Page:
U-turn forces closure of training schemes
Education department officials have taken an axe to the prestigious Pounds 30m competitiveness and development funds to help to meet the bill. The cash allows training and enterprise councils to bankroll work-related training in colleges.
The decision to slash the funds by up to 40 per cent has plunged the education and employment minister James Paice into fresh controversy, drawing anger from colleges and TECs.
Regional government offices have ordered an indefinite freeze on all bids for funds, throwing partnership programmes between colleges and industry into turmoil.
College and TEC chiefs said it would not be possible to top-slice schemes, so whole programmes would have to be dropped. Many have been up to three years in development. The most vulnerable projects include a dyslexia centre, to be run by Lambeth College for inner-London schools and colleges, and an adult education return-to-work programme run by a partnership in the north of England.
Letters from regional offices to TECs identify the demand-led element for college expansion as the reason for cut. They say "the department has decided to reduce the national funding for further education competitiveness and development funds by Pounds 10m, with each region taking a 38 per cent cut on the budget previously available".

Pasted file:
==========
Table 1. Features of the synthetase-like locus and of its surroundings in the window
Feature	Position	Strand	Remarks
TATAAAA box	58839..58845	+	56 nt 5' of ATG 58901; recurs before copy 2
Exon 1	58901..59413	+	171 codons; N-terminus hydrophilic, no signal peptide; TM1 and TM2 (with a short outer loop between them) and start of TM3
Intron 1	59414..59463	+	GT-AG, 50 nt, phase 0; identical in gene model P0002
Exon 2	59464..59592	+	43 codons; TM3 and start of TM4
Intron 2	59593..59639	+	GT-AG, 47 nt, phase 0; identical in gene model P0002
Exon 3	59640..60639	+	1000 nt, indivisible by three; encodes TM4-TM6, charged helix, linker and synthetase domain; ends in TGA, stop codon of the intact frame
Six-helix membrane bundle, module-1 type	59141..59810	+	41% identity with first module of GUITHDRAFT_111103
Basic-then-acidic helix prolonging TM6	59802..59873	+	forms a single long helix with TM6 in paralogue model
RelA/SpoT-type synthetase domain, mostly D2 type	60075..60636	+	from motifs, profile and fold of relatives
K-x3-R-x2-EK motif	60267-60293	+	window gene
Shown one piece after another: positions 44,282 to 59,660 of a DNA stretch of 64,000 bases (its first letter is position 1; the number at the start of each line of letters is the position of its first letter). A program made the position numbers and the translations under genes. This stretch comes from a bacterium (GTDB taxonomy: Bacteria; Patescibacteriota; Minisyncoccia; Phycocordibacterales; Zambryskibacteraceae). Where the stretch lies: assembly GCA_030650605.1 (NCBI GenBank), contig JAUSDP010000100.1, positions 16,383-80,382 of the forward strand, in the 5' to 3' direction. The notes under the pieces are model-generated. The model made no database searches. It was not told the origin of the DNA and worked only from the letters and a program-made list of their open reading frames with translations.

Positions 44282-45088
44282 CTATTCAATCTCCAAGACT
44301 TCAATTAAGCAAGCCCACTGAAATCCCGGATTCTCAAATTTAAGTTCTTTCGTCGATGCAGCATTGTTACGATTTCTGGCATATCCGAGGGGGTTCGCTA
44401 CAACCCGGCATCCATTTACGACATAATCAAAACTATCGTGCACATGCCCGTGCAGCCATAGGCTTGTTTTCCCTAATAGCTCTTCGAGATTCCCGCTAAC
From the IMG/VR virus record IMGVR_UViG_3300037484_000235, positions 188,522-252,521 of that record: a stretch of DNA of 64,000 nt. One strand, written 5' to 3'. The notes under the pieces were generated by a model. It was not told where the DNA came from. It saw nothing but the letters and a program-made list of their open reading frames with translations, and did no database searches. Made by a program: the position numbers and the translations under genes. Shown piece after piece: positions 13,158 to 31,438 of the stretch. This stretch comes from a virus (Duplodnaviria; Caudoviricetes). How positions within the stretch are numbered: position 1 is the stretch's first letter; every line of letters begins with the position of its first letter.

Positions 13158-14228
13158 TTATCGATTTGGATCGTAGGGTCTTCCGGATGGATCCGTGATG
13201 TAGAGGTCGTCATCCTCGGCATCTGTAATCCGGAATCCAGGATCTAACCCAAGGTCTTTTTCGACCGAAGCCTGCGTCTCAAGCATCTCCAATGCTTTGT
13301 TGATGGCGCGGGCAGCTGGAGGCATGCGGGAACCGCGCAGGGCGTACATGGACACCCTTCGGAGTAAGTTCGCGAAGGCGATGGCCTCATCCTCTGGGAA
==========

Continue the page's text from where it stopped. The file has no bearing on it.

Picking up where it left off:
College and TEC leaders accuse Mr Paice of "giving with one hand while taking with the other" and of "deceiving colleges into believing he would foot the bill".
John Ernshaw, education director for Central London TEC, said: "We have built up tremendous partnerships with colleges through this fund and do not want them lost. Ministers seem to have no idea of the damage they are doing."
Mike Austin, principal of Accrington and Rossendale College, said: "It was our money to start with. To take it back to cover their blushes is quite in character. But I am annoyed to receive a letter telling me all bids for competitiveness funds are off."
Colleges and TECs are demanding that Mr Paice spells out exactly how he is paying for the Pounds 84m college expansion (known as the demand-led element) and what cuts will be made elsewhere.
Meanwhile, detailed proposals for spreading the pain of cuts when the DLE fund is abolished were arriving at colleges today.
The Further Education Funding Council is asking principals to comment on a string of possible ways to pay for the hundreds of thousands of student places that exceed college recruitment targets.
Options include: * maintaining a budget for expansion, but at a lower rate than at present; * halting funding for certain types of courses; * giving priority to statutory provision - particularly courses for 16- to 19-year-olds.
The circular comes as a working group meets to review the future of franchising. The group will produce recommendations in time for the FEFC funding round in March, but will meet in the summer to look at the longer-term future of franchising, which has accounted for much growth in student numbers.
Members include: Gordon Stokes, principal of North Warwickshire and Hinkley College; Ann Limb, principal of Cambridge Regional College; Eddie McIntire, principal of Birmingham College of Food; David Henderson, principal of Priestley College; John Brennan, police director of the Association of Colleges; Chris Humphries, policy director of the TEC National Council; Richard Guy, chief executive of Manchester TEC; Graham Hoyle, chief executive of Gloucestershire TEC, and Philip Chorley, of the National Advisory Council for Education and Training Targets.